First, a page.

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VIIIth International Armament Conference

„Scientific Aspects of Armament & Safety Technology”, Pułtusk, Poland, 6-8.10.2010

PREDICTION OF INTERNAL BALLISTIC PARAMETERS OF


SOLID PROPELLANT ROCKET MOTORS
Jasmin TERZIC, Berko ZECEVIC, Mario BASKARAD, Alan CATOVIC,
Sabina SERDAREVIC-KADIC,
University of Sarajevo, Mechanical Engineering Faculty, Defense Technologies Department
Vilsonovo setaliste 9 71000 Sarajevo,, Bosnia and Herzegovina

Abstract. A modular computer program for prediction of internal ballistic performances


of solid propellant rocket motors SPPMEF has been developed. The program consists of
following modules: TCPSP (Calculation of thermo-chemical properties of solid
propellants), NOZZLE (Dimensioning of nozzle and estimation of losses in rocket
motor), GEOM (This module consists of two parts: a part for dimensioning the
propellant grain and a part for regression of burning surface) and ROCKET (This
module provides prediction of an average delivered performance, as well as mass flow,
pressure, thrust, and impulse as functions of burning time).
Program is verified with experimental results obtained from standard ballistic rocket test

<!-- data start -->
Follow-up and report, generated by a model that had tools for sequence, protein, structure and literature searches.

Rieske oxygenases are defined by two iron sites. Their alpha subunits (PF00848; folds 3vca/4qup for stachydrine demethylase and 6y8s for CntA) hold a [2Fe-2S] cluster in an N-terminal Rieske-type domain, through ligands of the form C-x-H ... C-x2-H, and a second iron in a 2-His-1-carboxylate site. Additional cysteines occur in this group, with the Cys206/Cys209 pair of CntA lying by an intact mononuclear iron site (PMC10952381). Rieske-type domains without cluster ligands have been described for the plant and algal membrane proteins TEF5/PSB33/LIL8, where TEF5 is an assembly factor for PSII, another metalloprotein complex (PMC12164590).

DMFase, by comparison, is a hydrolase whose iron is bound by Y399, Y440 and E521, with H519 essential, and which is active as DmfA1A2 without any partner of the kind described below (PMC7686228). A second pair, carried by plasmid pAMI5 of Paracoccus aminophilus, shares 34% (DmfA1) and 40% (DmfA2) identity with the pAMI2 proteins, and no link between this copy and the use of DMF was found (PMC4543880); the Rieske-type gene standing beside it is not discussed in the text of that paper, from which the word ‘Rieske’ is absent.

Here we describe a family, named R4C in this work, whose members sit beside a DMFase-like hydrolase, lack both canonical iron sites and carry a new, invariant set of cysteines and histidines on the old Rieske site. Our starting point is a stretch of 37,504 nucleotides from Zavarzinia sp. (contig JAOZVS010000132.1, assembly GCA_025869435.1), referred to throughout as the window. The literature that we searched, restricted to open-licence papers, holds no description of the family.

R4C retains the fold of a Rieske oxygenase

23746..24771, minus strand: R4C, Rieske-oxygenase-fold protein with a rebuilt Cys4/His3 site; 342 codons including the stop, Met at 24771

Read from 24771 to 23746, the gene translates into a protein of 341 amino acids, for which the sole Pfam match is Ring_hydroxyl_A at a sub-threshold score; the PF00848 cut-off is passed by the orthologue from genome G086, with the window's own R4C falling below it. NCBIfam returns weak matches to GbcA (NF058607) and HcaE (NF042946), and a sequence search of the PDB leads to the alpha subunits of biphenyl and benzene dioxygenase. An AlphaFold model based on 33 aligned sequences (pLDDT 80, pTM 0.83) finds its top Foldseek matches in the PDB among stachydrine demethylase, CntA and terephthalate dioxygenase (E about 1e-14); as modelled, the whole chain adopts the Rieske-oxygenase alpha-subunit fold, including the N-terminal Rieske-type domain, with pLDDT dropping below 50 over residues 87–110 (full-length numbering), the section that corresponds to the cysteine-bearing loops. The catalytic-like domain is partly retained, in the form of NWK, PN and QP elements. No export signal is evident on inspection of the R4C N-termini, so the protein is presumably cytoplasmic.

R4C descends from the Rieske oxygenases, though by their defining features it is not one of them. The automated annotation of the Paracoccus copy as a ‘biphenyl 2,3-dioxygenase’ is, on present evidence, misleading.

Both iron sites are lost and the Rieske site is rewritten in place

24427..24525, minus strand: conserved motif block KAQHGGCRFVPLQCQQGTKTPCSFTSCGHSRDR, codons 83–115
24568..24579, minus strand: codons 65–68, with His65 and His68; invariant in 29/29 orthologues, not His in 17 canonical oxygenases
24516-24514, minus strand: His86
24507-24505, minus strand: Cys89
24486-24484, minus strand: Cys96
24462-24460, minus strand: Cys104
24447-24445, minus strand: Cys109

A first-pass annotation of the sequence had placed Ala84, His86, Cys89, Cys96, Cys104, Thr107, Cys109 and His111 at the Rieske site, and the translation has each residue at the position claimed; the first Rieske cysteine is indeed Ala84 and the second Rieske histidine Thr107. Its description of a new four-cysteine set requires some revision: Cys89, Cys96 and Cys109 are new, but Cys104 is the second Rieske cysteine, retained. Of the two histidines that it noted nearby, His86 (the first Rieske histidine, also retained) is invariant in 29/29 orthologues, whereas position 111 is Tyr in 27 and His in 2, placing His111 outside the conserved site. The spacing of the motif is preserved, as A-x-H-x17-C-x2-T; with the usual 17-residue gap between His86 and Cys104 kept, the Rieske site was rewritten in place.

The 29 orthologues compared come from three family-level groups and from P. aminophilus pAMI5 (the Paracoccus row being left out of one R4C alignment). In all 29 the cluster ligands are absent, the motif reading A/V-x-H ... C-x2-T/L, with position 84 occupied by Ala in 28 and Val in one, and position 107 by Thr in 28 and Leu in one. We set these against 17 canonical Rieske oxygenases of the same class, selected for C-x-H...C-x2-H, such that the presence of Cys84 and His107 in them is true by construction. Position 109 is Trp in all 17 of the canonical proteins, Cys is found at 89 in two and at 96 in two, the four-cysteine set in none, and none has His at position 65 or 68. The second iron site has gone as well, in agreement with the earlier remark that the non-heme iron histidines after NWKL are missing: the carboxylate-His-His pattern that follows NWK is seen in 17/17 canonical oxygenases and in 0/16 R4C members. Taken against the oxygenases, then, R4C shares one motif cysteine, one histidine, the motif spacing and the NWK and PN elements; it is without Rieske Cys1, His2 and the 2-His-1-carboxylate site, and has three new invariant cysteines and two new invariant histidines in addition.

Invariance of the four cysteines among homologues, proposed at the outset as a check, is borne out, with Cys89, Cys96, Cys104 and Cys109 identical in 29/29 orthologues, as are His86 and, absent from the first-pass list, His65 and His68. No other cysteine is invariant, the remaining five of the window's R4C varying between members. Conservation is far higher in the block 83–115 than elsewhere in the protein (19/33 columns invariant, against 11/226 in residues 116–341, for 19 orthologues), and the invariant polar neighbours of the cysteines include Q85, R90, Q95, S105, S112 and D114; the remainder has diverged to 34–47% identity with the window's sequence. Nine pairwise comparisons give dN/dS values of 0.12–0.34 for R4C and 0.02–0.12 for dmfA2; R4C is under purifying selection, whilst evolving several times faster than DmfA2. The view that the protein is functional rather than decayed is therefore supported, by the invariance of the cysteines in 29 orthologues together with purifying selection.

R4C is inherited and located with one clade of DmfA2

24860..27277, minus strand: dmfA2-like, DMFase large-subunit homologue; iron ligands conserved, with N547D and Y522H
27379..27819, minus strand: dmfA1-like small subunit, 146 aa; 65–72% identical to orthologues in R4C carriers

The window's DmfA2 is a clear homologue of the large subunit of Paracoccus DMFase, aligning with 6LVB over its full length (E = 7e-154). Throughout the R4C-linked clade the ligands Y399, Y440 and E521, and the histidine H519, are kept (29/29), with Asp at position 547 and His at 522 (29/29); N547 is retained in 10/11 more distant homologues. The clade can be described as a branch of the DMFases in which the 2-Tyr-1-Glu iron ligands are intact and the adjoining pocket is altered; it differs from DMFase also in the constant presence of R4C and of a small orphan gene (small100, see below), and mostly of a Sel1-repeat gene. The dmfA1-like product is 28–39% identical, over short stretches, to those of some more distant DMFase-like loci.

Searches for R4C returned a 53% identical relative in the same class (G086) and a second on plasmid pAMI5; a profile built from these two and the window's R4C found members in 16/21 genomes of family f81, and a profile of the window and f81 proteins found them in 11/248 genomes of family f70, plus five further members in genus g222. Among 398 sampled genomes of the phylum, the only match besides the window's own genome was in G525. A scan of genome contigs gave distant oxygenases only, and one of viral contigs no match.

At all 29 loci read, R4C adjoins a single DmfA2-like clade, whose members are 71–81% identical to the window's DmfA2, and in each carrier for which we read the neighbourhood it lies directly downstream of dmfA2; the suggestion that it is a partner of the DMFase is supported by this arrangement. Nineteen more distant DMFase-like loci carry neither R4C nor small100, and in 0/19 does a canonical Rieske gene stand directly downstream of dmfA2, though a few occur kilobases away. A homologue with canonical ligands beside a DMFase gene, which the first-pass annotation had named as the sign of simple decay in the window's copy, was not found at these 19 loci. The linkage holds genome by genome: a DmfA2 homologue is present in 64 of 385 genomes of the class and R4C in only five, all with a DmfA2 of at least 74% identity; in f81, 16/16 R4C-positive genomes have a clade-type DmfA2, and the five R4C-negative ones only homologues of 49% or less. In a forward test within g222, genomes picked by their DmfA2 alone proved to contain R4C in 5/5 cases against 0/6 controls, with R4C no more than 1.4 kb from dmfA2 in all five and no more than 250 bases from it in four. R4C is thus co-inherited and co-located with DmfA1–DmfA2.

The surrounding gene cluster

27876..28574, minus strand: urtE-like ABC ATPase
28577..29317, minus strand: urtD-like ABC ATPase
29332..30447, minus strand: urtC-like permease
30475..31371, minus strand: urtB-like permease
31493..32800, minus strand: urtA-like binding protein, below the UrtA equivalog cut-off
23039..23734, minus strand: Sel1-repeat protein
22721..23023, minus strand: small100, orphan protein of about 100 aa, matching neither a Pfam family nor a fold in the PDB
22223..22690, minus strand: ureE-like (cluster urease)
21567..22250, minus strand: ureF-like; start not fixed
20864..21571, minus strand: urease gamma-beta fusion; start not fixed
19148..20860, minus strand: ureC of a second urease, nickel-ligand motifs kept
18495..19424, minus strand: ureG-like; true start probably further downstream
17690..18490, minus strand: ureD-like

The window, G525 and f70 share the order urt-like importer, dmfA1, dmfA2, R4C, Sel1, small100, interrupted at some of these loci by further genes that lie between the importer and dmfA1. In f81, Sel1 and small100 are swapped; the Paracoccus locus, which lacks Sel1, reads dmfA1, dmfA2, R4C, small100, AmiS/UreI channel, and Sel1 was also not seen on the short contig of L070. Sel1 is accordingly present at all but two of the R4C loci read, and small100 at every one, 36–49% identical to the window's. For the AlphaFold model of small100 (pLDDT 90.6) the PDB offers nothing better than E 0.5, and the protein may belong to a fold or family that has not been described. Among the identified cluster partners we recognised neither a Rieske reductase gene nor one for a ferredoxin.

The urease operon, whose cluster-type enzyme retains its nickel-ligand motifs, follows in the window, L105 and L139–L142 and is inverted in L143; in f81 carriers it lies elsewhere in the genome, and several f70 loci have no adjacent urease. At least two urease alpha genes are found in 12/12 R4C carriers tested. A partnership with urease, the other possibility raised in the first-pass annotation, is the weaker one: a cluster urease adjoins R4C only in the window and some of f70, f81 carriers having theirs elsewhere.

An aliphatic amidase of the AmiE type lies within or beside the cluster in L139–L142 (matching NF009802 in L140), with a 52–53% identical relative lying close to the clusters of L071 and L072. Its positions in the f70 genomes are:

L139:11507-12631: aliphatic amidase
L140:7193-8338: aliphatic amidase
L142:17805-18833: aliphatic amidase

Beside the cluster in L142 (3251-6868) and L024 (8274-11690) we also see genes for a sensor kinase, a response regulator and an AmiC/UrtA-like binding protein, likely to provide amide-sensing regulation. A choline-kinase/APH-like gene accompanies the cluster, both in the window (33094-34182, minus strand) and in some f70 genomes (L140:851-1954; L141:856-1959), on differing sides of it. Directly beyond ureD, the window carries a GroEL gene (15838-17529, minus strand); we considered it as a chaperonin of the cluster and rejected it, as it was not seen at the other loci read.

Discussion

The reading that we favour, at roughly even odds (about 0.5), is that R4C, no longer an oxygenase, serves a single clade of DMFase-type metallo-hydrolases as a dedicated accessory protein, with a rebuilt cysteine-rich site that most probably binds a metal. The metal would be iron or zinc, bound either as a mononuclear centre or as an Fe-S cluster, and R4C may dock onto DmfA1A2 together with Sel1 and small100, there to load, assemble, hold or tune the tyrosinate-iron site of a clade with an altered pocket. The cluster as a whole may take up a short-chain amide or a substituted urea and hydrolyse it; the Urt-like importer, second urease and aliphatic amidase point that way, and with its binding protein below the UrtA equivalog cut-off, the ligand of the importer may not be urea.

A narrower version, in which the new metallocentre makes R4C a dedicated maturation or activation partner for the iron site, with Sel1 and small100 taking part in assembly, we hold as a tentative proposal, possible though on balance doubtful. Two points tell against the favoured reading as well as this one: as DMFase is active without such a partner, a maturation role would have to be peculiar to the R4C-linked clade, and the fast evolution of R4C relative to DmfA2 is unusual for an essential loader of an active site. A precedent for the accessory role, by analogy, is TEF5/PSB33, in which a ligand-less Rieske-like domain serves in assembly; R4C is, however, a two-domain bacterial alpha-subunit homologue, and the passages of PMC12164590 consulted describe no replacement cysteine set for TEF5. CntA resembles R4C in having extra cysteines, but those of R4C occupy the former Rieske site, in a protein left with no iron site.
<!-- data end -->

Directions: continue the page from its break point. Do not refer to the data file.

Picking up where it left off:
motors and experimental rocket motors. Analysis of results has shown that established
model enables has high accuracy in prediction of solid propellant rocket motors features
in cases where influence of combustion gases flow on burning rate is not significant.
Keywords: rocket motors, solid propellant, burning rate, internal ballistic performances
prediction, losses, computer program.

1. INTRODUCTION

Initial phase of solid propellant rocket motor development is characterized with


number of parametric studies undertaken in order for rocket mission to be
accomplished. During the process of assessment of possible solutions for propellant
charge shape, configuration of motor and type of propellant charge, problems of
production are being considered, demands for specific motor performances and
conditions of exploitations. Even though these preliminary project studies are
comprehensive, from practical side, it is not good practice to treat all the influencing
factors parametrically. Instead, after first assessment of possible solutions, optimal
construction is chosen. It is then further subjected to detail analysis. Using this analysis,
following is critically tested: propellant type – geometry of propellant grain – motor
structure, in order to determine whether the motor will satisfy parameters necessary for
of solid propellant rocket motor design. One of the main objective for designers of solid
propellant rocket motor is defining propellant grain which will enable required change
of thrust vs. time, needed for fulfilment of rocket mission, taking care of other specific
limitations (envelope, mass, etc.).